CEDAR FALLS, Iowa (KWWL) -- On July 7th, voters is Cedar Falls will decide who will take the seat left vacant by Mayor Rob Green after he won his seat last year.
The special election was forced by citizens in Cedar Falls through a petition. City council had previously filled the seat by appointment.
Due to the pandemic, the election was rescheduled twice from its original date of March 24.
Penny Popp, a regular at city meeting's, says her knowledge of civics makes her a viable candidate for the council member at-large seat.
"I knew there was going to be a vacancy," Popp said. "I thought, this is where I could pop in, fill a chair, and have some experience behind the words."
Also on the ballot is TJ Frein, a 32 year-old police officer in Waterloo who resides in Cedar Falls.
"“I think the biggest issue that no one really talks about is the waster water treatment plant that Cedar Falls is in desperate need of making a decision on. Either we regionalize it, and hookup with Waterloo, or we build our own. There are pros and cons to each.” Frein said when asked about the issues.
Both Frein and Popp feel the city needs to prioritize its spending.
"There's a disproportionate amount of money being spent in downtown compared to other neighborhoods," Popp said, adding that city should decide what projects are necessary right now as the country works to stabilize its economy amid the pandemic.
Then, of course, there is what is possibly the most divisive issue in Cedar Falls, public safety and the decision to replace most full time firefighters with officers also trained in policing. They're commonly referred to as Public Safety Officers.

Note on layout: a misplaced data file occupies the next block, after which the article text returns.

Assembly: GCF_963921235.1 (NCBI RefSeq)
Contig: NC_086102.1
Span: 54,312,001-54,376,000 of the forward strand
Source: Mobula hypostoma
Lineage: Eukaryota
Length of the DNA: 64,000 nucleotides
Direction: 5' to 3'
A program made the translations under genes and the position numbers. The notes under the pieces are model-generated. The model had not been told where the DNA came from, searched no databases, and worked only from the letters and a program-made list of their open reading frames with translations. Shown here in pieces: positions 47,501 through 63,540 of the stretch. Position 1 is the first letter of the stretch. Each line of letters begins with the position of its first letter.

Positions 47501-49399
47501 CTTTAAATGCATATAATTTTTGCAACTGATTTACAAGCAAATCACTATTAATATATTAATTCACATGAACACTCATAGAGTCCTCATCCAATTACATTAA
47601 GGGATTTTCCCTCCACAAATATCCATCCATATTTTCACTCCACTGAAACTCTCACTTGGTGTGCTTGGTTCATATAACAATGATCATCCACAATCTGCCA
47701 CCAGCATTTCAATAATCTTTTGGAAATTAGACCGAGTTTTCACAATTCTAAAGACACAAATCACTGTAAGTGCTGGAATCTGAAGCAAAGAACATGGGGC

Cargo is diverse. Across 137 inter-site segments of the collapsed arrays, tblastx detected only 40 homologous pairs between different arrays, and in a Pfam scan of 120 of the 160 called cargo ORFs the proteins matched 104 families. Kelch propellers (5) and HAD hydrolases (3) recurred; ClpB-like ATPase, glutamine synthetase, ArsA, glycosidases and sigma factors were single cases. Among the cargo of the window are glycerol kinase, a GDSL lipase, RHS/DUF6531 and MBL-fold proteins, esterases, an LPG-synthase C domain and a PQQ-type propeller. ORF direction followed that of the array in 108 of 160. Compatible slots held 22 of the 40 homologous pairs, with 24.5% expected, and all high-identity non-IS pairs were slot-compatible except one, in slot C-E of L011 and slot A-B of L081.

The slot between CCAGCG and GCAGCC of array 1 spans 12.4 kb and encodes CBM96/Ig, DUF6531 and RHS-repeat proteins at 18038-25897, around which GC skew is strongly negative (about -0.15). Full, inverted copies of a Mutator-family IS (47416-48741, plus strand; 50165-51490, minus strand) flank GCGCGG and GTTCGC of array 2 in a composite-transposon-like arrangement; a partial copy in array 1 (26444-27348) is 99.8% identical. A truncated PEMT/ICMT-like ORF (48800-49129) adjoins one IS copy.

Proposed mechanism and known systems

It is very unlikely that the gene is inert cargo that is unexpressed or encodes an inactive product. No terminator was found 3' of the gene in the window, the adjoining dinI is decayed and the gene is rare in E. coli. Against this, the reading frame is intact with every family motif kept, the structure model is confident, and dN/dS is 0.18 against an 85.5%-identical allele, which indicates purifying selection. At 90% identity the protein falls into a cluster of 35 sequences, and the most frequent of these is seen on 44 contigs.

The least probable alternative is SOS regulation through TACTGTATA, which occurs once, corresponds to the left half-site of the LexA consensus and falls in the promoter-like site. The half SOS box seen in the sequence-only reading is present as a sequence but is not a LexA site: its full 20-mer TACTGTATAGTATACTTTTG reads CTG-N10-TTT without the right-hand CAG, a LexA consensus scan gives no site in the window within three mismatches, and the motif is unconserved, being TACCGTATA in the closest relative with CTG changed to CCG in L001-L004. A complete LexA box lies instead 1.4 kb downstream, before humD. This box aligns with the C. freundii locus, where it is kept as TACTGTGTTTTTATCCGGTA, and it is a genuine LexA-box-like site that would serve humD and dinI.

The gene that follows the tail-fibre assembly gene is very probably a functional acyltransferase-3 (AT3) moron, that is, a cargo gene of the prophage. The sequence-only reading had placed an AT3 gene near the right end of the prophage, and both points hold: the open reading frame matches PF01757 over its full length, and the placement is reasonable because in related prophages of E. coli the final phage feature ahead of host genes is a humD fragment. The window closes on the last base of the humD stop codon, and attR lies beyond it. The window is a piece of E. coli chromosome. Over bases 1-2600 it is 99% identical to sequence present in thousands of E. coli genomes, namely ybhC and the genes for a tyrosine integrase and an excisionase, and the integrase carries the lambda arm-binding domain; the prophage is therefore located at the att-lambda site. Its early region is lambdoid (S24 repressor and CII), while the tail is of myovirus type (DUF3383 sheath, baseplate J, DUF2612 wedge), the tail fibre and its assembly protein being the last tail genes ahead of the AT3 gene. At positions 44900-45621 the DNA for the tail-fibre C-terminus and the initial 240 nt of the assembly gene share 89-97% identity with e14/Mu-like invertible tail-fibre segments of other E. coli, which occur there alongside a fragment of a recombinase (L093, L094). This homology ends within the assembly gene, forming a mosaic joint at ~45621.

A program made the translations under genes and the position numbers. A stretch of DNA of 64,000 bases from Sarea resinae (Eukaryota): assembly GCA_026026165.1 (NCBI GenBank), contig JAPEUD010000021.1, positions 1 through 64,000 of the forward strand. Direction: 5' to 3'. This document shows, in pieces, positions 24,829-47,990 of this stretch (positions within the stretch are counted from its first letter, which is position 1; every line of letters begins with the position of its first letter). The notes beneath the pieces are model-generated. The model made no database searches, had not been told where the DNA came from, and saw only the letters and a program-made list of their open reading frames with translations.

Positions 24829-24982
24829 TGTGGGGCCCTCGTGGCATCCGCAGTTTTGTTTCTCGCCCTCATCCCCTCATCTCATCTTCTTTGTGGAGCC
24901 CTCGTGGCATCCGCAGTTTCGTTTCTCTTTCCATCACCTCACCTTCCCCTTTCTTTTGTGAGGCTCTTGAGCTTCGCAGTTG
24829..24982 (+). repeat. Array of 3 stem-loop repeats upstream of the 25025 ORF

Earlier this year, the city council voted to "fully implement" the Public Safety Model, leaving only a handful of supervisors as the city's only career firefighters. The city has been adamant that more personnel are responding to fire calls and that PSOs meet the city's need for firefighters.
Frein calls the program "unsustainable."
"Not only do we have to with younger hires, new hires, train them how to be a good police officers but at the same time we're going to compound that and say 'you have to do this. You also have to be a firefighter.'" Frein said.
Popp also feels that the program isn't right for Cedar Falls.
"The way I was described the PSO program, it was a taool or a supplement for traditional police and fire. Somewhere, behind the scenes, this all changed," Popp said.
They agree that they would want to reexamine the program and support the idea of a strategic plan, which Mayor Green had pushed during his time on council. Such a plan could detail what the city's public safety department would look like in the years to come.
Throughout the interview process, our reporter was told by all but one of the candidates that citizens don't feel heard.
We'll have a report on the other 3 candidates in the race on Saturday's KWWL News at 10.